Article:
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A bill to amend Burma’s controversial Peaceful Assembly and Procession Law has been submitted to the Upper House for debate.
Putting the motion forward yesterday in parliament, Dr. Myat Nyarna Soe, an MP for the ruling National League for Democracy, proposed amending the law so that citizens or organisations seeking permission to hold a rally will inform the relevant local authorities of how much money will be used to fund the gathering and who exactly will fund it.
The existing provision only requires applicants to present a schedule of when and where they intend to hold an assembly, as well as an estimate of the number of attendees.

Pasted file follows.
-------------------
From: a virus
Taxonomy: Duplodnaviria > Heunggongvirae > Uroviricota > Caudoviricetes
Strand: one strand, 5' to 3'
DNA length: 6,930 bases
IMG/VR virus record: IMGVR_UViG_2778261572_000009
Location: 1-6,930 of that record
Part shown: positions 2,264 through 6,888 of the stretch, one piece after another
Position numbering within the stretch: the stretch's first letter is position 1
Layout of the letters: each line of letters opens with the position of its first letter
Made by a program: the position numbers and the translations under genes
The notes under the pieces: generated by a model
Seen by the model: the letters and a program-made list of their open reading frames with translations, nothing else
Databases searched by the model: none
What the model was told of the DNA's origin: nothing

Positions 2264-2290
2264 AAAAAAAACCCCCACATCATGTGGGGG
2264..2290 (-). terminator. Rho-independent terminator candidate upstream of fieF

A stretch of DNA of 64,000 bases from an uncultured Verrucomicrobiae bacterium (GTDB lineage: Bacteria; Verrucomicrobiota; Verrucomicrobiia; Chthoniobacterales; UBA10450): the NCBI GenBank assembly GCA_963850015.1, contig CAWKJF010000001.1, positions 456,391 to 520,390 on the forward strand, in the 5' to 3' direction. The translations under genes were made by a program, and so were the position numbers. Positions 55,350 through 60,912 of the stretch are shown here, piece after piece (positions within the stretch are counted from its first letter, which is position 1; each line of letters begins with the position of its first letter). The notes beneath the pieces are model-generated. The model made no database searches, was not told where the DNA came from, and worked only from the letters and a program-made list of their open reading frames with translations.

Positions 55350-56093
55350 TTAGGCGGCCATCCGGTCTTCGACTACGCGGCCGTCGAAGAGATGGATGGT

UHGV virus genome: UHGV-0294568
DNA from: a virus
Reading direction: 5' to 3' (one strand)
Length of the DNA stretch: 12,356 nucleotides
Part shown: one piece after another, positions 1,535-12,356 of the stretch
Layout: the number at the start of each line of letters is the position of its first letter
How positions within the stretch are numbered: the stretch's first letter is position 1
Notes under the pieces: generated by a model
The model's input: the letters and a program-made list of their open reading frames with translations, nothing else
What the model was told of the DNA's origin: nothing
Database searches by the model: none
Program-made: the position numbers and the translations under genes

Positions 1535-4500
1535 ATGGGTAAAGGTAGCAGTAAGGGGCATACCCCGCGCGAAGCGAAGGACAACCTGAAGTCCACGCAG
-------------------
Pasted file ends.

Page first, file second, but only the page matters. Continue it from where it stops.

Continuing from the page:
The bill adds: “If there is evidence that a person is giving money, material goods or other types of favours [to attendees] to join the assembly, with the intention of disrupting security, rule of law, tranquility or public morality … then he or she may receive a maximum sentence of three years imprisonment and a fine.”
The motion was approved and will be tabled for debate in the coming days.
Human rights and civil society groups have long criticised the Peaceful Assembly Law, or more specifically its Article 19 provision, saying it has been used by the government and military to suppress opposition.
Among those who have fallen victim to the controversial act are: veteran activist Naw Ohn Hla, who was jailed in 2016 for organising protests against the Letpadaung copper mine; four students in Mandalay who staged a rally last year outside a government education office; and Su Su Nway, who led some 1,500 farmers in 2014 in demonstrating against military land seizures.